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Kaila Novak inspires many with her joy, messages of body positivity on TikTok

UCLA women’s soccer forward Kaila Novak is a Pac-12 All-Freshman team caliber player on the field, but the sophomore has also amassed more than one million followers on TikTok, using her platform to spread positivity. (Lauren Man/Daily Bruin senior staff)

By Jay Fenn

Sept. 18, 2021 9:32 a.m.

Kaila Novak is just an ordinary teenager.

That is, if you consider ordinary as being a Division I soccer player with more than a million followers on social media.

The sophomore forward for UCLA women’s soccer is coming off a freshman season that saw her named to the Pac-12 All-Freshman team, and so far in her sophomore campaign, she has started the first two games for the Bruins as they chase their first national championship since 2013.

But it is not her soccer career that has garnered her more than a million followers on social media.

Novak started posting TikToks in early 2020 but did not begin to take the app seriously until August of the same year. However, her initial posts had nothing to do with the sport she loves.

“The main content that started going up a year ago on TikTok was my food reviews at UCLA,” Novak said. “Some ‘Day in the Life of a D-1 Athlete,’ that type of stuff got really popular. But food reviews were popping off the most.”

Even though her “Day in the Life” videos and food-review videos may amass the most views, Novak said her favorite videos to film are with her best friend, senior goalkeeper Lauren Brzykcy.

Brzykcy said she met Novak as a freshman while she was entering her fourth year, and they instantly became buddies.

The reigning Pac-12 Goalkeeper of the Year said it has been crazy to be by Novak’s side and watch her grow on social media over the past two years.

“She’s (making content) in such a positive and amazing way,” Brzykcy said. “Just being next to that, always having that energy next to me, being friends with that, it’s just helped me become a better person as well. So it’s just awesome seeing her help millions of people as well doing it.”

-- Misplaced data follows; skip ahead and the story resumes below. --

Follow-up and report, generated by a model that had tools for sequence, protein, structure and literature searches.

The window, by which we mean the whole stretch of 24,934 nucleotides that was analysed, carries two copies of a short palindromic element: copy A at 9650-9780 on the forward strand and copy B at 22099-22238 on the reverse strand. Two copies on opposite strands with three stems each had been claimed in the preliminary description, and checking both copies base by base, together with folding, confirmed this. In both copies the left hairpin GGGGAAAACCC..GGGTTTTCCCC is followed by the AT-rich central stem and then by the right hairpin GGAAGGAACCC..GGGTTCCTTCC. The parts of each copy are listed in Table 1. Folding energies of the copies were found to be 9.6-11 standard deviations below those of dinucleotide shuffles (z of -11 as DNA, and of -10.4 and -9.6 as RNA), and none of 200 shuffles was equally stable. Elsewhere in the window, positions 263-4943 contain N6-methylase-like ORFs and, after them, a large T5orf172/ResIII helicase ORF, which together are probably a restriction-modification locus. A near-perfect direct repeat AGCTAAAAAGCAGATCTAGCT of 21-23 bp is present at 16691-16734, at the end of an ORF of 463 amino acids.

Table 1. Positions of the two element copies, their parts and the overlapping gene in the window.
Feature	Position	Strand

Ever since she first started posting on TikTok, Novak said she has tried to bring the charisma and positivity that she carries with her every day on and off the soccer pitch. To go with her food reviews, her biggest message is body positivity.

“I’ve gotten a lot of DMs from a lot of girls being like, ‘You’ve helped me with my eating disorder,'” Novak said. “You just need to obviously eat whenever you want. Love your body no matter what. And you don’t want to look back and be like, ‘Dang, I wish I ate that burger.'”

On top of the body positivity messages she conveys, Novak said she wants to try to inspire the people who watch her content.

In a day and age in which so much content on social media is fake, according to Novak, she wants to show her followers that she can be more than an influencer, but a person too.

“In the back of my head, I’m like, ‘How can I be a role model to these people that are watching me on the field, that have come from my social media, and show them I’m a happy and positive person?'” Novak said. “How can I show that I’m authentic in what I post on social media and that I’m the same person in real life and on the field?”

However, even with all the positive things that Novak sees come out of social media, she has also seen a variety of negatives come from her large following.